Dodging Food Poisoning at Christmas

It’s not long now until Christmas dinner will be taking centre stage on our dining tables. Fridges are bursting full with festive food and it’s party time. How do you avoid giving the unwanted gift of food poisoning to your guests?

Bacteria can spread from raw meat and poultry to worktops, chopping boards, dishes and utensils.

Here are some tips to keep your Christmas food safe:

  • After touching raw poultry or other raw meat, always wash your hands with warm water and soap, and dry them thoroughly.
  • Don’t wash your turkey before your cook it. If you do, bacteria from raw poultry can splash onto worktops, dishes and other foods. Proper cooking will kill any bacteria.
  • Always clean worktops, chopping boards, dishes and utensils with warm soapy water after they have touched raw poultry or meat.
  • Never use the same chopping board for raw poultry or meat and ready-to-eat food without washing it thoroughly with warm soapy water first.

Plan your cooking time in advance to make sure you get the bird in the oven early enough to cook it thoroughly. A large turkey can take several hours to cook properly, and eating undercooked turkey (or other poultry) could cause food poisoning. Where available, follow cooking instructions on the pack.

Three ways you can tell a turkey is cooked:

  • the meat is steaming hot all the way through
  • there’s no pink meat when you cut into the thickest part of the bird
  • the juices run clear when you pierce the turkey or press the thigh

If you’re using a temperature probe or food thermometer, ensure the thickest part of the bird (between the breast and the thigh) reaches at least 70C for 2 minutes.

For further information please visit the Food Standards Agency( Link – https://www.food.gov.uk/ )

Source: Food Standards Agency

 

 

Cycling can be a risky business!

With our Corporate Ambassador, Mark Beaumont now back in one piece (broken tooth and fractured elbow aside!), from his World Cycle, we have considered the potential hazards of this ever-growing sport.  Before we embark on a cycle or car journey most people undertake a mental Risk Assessment without even realising it. Things to do, things to take with you, things to avoid!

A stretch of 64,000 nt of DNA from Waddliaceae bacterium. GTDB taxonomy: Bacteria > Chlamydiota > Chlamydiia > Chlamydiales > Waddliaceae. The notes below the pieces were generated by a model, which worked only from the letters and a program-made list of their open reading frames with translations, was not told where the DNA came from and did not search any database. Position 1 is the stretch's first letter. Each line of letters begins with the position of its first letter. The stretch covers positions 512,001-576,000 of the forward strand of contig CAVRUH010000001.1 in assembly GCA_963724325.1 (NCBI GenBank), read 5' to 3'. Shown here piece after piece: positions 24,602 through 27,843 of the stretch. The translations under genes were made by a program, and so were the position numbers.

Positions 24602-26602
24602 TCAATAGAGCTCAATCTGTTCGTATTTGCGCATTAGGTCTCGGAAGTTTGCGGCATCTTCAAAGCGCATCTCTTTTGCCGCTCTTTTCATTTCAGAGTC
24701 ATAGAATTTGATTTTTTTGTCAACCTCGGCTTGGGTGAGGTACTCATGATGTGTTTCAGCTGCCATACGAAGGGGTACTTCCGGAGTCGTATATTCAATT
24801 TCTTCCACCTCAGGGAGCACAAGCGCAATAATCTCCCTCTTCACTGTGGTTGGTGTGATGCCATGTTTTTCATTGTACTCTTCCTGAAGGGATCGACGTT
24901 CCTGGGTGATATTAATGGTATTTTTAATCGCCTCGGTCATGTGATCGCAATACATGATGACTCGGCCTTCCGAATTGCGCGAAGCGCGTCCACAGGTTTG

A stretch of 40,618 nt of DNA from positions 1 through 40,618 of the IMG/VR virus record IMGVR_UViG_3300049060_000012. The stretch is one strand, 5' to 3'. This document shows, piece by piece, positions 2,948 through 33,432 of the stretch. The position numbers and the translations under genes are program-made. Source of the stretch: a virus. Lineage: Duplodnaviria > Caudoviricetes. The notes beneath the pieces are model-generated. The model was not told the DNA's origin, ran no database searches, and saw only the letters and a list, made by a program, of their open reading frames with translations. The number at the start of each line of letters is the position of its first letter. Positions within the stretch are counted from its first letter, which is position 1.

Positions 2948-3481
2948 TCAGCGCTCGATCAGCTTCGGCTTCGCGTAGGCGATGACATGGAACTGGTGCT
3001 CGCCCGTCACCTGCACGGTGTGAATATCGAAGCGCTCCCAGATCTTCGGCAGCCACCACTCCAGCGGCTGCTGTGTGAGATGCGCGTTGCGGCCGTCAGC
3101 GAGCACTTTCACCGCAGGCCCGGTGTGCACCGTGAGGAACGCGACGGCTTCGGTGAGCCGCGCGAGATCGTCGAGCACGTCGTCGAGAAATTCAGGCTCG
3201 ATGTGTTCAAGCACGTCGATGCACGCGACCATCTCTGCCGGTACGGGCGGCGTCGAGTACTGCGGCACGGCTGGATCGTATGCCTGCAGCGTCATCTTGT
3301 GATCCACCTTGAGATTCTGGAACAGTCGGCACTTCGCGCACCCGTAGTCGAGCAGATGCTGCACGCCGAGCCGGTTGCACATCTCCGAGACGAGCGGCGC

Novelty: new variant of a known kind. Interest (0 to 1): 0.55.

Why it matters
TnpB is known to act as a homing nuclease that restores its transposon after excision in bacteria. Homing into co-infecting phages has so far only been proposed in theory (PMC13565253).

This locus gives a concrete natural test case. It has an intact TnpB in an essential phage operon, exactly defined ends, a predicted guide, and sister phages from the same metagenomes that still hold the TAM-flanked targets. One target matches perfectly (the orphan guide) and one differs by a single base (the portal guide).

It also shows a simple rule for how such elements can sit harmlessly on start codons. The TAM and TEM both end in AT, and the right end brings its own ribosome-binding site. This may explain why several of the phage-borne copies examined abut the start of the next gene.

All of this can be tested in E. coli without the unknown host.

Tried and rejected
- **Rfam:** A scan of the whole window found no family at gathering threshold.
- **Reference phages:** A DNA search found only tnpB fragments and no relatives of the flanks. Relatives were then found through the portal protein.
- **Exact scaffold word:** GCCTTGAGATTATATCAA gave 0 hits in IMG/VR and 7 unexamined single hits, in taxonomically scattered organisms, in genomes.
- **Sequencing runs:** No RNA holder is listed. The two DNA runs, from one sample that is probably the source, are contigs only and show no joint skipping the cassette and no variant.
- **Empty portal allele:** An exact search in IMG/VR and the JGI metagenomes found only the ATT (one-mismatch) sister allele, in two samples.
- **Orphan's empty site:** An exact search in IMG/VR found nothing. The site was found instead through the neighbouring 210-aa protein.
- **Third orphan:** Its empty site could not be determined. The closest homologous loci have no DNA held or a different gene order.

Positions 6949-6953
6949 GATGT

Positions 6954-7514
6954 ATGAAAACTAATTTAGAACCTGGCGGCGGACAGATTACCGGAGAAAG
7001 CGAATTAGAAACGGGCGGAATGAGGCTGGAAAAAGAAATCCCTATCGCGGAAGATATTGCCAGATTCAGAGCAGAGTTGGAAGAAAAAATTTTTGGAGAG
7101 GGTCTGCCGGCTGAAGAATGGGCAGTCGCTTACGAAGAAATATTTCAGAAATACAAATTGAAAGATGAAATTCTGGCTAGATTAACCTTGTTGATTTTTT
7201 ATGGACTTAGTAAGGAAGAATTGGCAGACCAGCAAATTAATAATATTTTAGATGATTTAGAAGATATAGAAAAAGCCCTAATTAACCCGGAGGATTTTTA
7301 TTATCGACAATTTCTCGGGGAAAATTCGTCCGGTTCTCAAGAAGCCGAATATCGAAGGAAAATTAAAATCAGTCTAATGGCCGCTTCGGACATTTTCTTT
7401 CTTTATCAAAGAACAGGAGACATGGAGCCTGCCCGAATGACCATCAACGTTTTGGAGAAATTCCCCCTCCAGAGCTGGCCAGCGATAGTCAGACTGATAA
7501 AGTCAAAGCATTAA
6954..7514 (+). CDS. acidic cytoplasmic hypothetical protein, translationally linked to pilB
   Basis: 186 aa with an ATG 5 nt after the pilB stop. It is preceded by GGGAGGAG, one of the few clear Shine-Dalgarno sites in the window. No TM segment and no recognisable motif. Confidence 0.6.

From a cycling point of view Hazards can include:-

Traffic

There are many other road users out there – cars, vans, trucks and other cyclists.  In the event of a cycling race controls could include route planning to avoid heavy traffic/ large vehicles etc.

Wearing the right kit is essential.  Should there be an incident having a qualified First Aider available with appropriate Fist Aid kit would be required. On any distance event, falls are inevitable and plans must be in place on how to deal with these, patch up the rider and get them back in the race.

 

 

Weather

We can’t control the weather or avoid it however tyre choice, appropriate waterproof clothing and changes of clothing being available can make a big difference to performance. Aerodynamic equipment, helmet, cycle frame, wheels etc will reduce the drag of head winds.

Mechanical Failure

The condition of a bike is critical to performance.   Appropriate tyres for the road surface of the stage or journey, available spare wheels to deal with punctures as quickly as possible, spare brake pads, lubricants and tools should all be available to make adjustments.  Daily servicing of the cycle will ensure the optimum machine reliability.

Fatigue

When fatigue sets in mistakes happen and there is an increased risk of falls / collisions. Nutrition and hydration are key.  Mark had to take in 9000 calories per day to ensure he was able to perform at the top of his game.   In cycle races on closed roads food and water can be passed from a car window. On public roads that is very dangerous so passing energy drinks / food to the rider by a support pedestrian as the rider passes at an agreed location is much more manageable.

In addition, good communication systems are required to get feedback from the rider as to how they are feeling. Planned breaks must be built into the journey and assessed as the trip continues to ensure they are effective.   Companion riders can be brought into the ride at appropriate times to help pull the solo cyclist along.

Injury

As with any sport it is critical to maintain peak physical condition.   Warm up at the beginning of a journey and warm down towards the end or after a stage. Whilst you may not be cycling 18,000 miles (!)  you may be taking part in an endurance event so having physios available for massage and treatment every day would be an important part of the regime.

For further information on our Risk Management services, please contact our Risk Management Consultant, Nick Morrall – 07977 559504 or [email protected]